"This photo comes from Microsoft co-founder Paul Allen. It show a school (?) of nautiluses devouring some chicken. Allen owns a large yacht called the Octopus, which has a couple of ROVs on board. This photo was taken by one of the ROVs at a depth of 876 feet, near the Pacific island of Palau.”
Cool shot of very focused Nautiluses munching on chicken seen from Octopus ROV at a depth of 876 feet off Palau. http://pic.twitter.com/8l33KOxY
" According to a UNICEF report, Children’s Vulnerabilities to Climate Change and Disaster Impacts in East Asia and the Pacific(PDF), children will be among those most affected by climate change. Millions of children across East Asia and the Pacific already suffer from a lack of access to clean water and proper sanitation, and are vulnerable to food shocks and risks of disease. Climate change is expected to worsen this situation.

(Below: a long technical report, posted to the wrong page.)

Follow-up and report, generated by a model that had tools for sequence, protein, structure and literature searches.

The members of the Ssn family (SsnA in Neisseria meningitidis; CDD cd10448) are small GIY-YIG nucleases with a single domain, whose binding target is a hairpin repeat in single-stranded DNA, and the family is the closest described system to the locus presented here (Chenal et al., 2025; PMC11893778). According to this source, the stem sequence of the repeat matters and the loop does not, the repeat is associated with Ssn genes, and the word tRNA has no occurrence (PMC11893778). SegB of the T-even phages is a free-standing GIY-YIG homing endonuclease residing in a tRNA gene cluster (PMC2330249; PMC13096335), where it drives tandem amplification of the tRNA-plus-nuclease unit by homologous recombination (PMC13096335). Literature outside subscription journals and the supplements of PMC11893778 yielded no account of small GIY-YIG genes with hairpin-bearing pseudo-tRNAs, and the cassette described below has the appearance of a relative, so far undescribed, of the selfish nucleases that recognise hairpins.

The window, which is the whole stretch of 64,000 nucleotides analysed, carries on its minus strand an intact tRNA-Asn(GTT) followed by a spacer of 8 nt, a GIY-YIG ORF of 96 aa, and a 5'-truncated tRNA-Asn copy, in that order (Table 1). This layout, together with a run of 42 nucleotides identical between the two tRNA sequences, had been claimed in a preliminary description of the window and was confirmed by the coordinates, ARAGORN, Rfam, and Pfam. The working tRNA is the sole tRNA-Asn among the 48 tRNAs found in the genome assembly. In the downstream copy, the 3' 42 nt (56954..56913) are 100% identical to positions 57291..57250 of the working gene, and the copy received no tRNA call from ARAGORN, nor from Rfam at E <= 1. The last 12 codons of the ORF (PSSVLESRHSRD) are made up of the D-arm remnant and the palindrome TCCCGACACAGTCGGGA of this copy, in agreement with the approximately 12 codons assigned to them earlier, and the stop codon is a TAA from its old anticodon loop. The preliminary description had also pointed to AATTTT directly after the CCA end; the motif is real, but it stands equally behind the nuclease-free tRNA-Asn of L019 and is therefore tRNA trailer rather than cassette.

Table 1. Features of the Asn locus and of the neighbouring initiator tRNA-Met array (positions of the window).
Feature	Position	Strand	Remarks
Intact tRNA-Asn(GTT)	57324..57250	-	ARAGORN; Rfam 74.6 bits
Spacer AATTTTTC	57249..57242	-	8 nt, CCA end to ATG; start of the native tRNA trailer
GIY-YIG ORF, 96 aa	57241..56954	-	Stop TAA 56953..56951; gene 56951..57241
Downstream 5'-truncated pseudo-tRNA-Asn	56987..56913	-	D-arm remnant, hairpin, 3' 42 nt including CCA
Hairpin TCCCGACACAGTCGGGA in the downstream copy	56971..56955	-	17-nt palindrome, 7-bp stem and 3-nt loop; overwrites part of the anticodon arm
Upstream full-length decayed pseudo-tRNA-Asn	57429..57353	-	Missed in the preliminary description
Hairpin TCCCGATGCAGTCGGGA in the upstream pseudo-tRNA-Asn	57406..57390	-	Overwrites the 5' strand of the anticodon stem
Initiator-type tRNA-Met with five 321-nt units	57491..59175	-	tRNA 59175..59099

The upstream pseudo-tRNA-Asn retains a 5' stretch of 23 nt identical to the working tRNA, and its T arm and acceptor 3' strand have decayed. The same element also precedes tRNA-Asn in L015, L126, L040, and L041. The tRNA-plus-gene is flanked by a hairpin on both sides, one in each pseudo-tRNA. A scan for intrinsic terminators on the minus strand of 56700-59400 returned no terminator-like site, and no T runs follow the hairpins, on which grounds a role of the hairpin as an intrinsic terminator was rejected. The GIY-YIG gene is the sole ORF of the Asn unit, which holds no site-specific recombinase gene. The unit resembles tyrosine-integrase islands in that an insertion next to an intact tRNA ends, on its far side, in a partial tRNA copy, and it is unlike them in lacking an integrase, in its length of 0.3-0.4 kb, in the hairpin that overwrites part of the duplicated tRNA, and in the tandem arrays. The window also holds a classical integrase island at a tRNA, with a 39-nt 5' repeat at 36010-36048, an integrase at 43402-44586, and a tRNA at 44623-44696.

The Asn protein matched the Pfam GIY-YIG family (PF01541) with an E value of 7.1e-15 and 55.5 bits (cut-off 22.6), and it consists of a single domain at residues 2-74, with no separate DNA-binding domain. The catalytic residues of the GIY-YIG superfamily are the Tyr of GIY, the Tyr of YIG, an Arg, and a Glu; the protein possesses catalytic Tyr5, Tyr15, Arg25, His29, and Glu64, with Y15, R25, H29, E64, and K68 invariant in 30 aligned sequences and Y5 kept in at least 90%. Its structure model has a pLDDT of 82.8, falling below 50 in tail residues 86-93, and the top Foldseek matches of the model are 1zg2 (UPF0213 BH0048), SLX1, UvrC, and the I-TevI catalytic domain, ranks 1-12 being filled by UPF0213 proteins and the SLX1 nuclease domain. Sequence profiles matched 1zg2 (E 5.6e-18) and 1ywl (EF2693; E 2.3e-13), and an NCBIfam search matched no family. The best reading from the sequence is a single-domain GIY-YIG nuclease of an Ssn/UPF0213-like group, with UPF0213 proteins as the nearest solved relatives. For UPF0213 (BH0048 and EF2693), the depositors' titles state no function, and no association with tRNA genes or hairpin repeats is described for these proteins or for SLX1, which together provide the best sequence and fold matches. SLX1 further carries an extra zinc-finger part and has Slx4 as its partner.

The leading killers of children worldwide are highly sensitive to climate change. UNICEF Pacific Representative, Dr. Isiye Ndombi said “higher temperatures have been linked to increased rates of malnutrition, cholera, diarrhoeal disease and vector-borne diseases like dengue and malaria, while children’s underdeveloped immune systems put them at far greater risk of contracting these diseases and succumbing to their complications.”
The UNICEF report released today presents an analysis of the climate change trends and potential impacts on children in East Asia and the Pacific, drawing on findings from five UNICEF-commissioned country studies in Indonesia, Kiribati, Mongolia, the Philippines and Vanuatu, as well as children’s own perspectives on climate change and other research. This research was supported by Reed Elsevier, which works in partnership with the global science and health communities to publish more than 2,000 journals, including The Lancet and New Scientist.
"The findings in this report remind us of the connection between climate change and the other challenges confronting children," said Anupama Rao Singh, UNICEF Regional Director for East Asia and the Pacific. "They also remind us that children’s experiences, and the risks they face in terms of their health, education and development, are unique." "